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Consumer debt eases despite growing student debt

A decrease in the amount owed on mortgages helped drive overall U.S. consumer debt lower in the second quarter, even as Americans kept piling up student loan debt, data showed on Wednesday.

Total consumer debt fell 0.5 percent to $11.38 trillion compared to the first three months of the year, the New York Fed said in its quarterly household debt and credit report.

Since the financial crisis and recession, Americans have been paring back the large amount of debt they amassed during the housing boom.

Student debt has been the exception. Student loans have increased by $303 billion since the third quarter of 2008, at the same time as other forms of debt have fallen by $1.6 trillion.

In the second quarter, student debt rose $10 billion to $914 billion.

Auto loans also increased in the quarter, rising $13 billion to $750 billion.

Consumers kept paring real estate-related debt. Mortgage balances fell 0.5 percent to $8.15 trillion, while balances on home equity lines of credit dropped by 3.7 percent, or $23 billion.

Mortgage originations rose to $463 billion, a positive sign for a housing market that has been hampered by tight access to credit.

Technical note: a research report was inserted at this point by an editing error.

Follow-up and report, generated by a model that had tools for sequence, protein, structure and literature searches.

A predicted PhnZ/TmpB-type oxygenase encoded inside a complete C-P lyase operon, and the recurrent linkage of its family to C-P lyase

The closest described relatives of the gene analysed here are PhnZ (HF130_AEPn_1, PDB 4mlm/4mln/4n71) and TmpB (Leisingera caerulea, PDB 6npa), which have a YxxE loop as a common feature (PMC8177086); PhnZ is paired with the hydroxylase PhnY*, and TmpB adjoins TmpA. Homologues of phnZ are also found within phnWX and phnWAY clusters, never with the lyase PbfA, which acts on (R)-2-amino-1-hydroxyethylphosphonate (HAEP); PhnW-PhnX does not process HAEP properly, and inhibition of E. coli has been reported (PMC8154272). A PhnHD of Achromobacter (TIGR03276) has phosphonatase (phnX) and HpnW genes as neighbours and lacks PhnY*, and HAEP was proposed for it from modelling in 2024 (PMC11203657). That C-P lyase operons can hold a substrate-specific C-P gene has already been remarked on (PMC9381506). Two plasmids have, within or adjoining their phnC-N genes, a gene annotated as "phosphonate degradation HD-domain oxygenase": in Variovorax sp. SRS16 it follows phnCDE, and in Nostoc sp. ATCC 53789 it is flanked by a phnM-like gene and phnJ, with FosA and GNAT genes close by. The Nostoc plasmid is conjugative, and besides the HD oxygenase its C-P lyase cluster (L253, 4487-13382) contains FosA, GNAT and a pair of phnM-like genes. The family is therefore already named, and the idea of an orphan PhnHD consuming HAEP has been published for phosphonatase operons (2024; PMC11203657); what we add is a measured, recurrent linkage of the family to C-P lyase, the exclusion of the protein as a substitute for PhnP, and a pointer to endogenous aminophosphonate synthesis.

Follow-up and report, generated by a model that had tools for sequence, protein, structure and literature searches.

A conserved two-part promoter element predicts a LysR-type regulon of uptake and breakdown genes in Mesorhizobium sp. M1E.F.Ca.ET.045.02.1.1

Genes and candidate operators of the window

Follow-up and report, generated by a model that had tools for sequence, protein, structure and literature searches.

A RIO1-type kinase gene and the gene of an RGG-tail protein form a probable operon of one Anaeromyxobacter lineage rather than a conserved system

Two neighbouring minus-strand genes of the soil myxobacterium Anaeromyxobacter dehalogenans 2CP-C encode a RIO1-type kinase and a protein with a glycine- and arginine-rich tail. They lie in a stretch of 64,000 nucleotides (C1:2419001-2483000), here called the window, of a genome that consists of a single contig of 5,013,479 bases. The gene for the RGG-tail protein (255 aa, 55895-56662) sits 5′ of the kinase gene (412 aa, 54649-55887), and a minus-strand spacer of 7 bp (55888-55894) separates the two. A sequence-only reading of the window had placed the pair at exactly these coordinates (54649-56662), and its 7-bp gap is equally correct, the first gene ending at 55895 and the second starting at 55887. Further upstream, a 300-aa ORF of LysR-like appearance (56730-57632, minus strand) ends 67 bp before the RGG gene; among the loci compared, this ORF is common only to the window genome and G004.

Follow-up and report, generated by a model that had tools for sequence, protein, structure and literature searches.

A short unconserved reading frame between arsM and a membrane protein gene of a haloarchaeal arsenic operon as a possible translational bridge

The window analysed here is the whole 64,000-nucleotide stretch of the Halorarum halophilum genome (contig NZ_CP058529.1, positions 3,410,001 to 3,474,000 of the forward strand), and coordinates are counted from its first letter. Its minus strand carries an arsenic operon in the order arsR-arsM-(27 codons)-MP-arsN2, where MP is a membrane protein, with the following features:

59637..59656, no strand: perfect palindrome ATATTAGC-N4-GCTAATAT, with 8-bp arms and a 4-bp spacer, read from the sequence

Overall delinquency rates improved, falling to 9 percent from 9.3 percent, as rates improved for mortgages, credit cards and auto loans. Credit card delinquencies stood at 10.9 percent, the lowest level since the last quarter of 2008.

1.8 percent of mortgage balances fell into delinquency, unchanged from the previous quarter.

Student loan delinquencies increased for the second quarter in a row. Loans that were 90 days or more behind increased to 8.9 percent from 8.7 percent.

The number of credit account inquiries over six months - an indicator of consumer credit demand - fell 2 percent to 167 million inquiries.

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